5 steps to take student loans after graduation

When you first graduate from college, you may be more focused on finding a job and setting yourself up so that you do not pay much attention to your student loans.

Student credit counseling required for graduation may briefly explain your responsibilities, but it is important that you take action with student loans now, although you should continue the automatic deferral for the first six months after graduation.

Update your contact information

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It is important that you update your student loan contact information when you first graduate and every time you move. You will still be responsible for making payments after six months, regardless of whether the statements give you.

Updating your information and using a permanent address (such as your parents’ address) as a backup will help you receive information in a timely manner and determine the best way to manage student loans.

Confirm your delay

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Although your student loans should be automatically deferred upon graduation, sometimes there is a mistake and student loans do not. You may end up late and paying interest if you do not confirm that student loans are on hold. A simple phone call to your lending company will allow you to confirm this and save you the hassle of messing up after it happens.

Consolidated loans

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You may have the ability to consolidate your subsidized and non-repayable loans into one payment when you’re done. It’s much easier to make a single student loan than it is to worry about making a few. However, one should never consolidate federal student loans with your private student loans.

This will cause you to lose the benefits that come with student loans such as the option of paying on income or delaying for hardship if you lose your job. Private study loans do not offer the same payment terms.

You may want to consolidate any private student loans you have and try to refinance at a lower interest rate that you can lockdown. It can be difficult to do this until you have your first job, but it is definitely something that you should consider. Private study loans have a much higher interest rate than Federal Direct Loans and often vary.

Depending on the type of private student loan, you may not be able to claim interest as a tax deduction. Private student loans should have the same priorities as credit cards when it comes to paying off debt.

Find out if you qualify for help assistance or celebration programs

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It is worth considering the different payment options available based on income and job choice. The tax-based payment option will base your monthly payment on your income. You will have to file your income every year, and as it increases, so will your monthly payment. If you have not paid your student loan after 30 years on this plan, the remaining amount will be forgiven.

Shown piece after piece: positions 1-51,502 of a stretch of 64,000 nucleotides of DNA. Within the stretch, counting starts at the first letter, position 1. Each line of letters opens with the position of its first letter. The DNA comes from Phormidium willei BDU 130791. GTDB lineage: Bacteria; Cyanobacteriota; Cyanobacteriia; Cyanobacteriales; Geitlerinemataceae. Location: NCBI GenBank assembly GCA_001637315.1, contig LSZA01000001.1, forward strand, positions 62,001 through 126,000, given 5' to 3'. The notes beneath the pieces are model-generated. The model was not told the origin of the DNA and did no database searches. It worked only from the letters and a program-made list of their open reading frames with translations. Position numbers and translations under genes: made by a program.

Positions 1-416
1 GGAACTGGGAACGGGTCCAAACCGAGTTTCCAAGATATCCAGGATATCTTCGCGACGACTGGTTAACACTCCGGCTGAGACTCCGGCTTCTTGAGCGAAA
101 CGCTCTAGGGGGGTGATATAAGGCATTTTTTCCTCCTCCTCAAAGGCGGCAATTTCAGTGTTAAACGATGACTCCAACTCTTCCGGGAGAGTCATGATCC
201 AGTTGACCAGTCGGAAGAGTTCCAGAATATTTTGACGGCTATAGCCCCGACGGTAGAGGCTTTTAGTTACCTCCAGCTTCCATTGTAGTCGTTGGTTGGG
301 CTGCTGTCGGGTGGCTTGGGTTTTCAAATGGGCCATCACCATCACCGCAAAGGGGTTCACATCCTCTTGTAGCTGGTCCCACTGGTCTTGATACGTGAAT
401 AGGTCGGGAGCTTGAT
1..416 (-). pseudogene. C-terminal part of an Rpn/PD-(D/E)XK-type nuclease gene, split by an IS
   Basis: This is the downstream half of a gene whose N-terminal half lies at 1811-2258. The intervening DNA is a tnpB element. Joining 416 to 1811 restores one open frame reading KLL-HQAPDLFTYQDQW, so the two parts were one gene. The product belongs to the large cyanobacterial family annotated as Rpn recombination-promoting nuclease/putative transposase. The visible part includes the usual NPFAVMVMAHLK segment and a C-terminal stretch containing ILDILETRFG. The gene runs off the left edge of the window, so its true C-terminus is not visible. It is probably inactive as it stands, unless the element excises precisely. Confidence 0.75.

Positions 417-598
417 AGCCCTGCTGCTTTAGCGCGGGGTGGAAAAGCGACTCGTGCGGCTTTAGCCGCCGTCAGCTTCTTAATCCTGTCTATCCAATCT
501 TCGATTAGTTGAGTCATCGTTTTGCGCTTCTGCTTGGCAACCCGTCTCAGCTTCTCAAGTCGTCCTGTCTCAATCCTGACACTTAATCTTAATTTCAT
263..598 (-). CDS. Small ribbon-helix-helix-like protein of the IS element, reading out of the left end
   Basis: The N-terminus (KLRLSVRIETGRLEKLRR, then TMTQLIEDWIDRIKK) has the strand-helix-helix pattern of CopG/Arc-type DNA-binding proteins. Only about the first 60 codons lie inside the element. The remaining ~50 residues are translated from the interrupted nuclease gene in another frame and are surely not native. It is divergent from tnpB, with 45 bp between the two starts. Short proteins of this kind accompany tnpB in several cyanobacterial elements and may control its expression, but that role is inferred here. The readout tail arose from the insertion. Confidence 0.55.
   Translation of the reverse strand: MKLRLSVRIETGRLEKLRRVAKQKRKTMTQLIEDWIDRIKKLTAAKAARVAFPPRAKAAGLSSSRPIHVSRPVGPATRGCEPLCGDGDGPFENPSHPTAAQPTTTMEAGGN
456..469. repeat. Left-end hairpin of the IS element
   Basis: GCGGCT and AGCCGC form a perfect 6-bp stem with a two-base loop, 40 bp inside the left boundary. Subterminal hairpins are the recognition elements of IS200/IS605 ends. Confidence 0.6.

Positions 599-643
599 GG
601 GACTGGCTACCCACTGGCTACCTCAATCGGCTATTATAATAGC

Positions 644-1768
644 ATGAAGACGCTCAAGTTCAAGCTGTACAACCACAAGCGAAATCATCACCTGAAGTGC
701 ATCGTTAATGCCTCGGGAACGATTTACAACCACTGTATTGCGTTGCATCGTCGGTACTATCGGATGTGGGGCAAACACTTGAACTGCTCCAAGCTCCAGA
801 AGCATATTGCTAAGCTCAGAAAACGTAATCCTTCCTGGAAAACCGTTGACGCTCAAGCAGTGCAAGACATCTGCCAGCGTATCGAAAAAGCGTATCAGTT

You can also temporarily stop paying to delay the hardship if you lose your job or face a new financial crisis. This is determined on a case-by-case basis and you must contact a student loan company before you stop making payments to qualify.

Another option is to consider student forgiveness options. If you work for the government or nonprofit for ten years and have a Federal Direct Loan, you can get the remaining amount of your loan forgiven if you paid on time during those ten years.

Teachers qualify for a similar program, but the term is generally five years. Some states may offer different loan recovery options, and some businesses may offer incentives and money to put toward a student loan as a signing bonus or after working there for a certain period.

By taking the time to look for these options, you can help save money and determine the best way to handle your student loans now and in the future.

Make a plan to pay them off

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Student loan debt can be crippling, especially when you are struggling to finish your first job. It is important to set up a plan that will allow you to pay off your student loans as soon as possible.

One is to set a budget that leaves room for extra payments for your debt. You should start with private student loans and any consumer or credit card debt you have from college, and then move on to your federal student loans.

This is because the interest rate is lower, and because you can claim a portion of the interest on your taxes. You may need to be creative in finding extra money to pay for student loans such as taking on another job or freelancing to bring in extra money.

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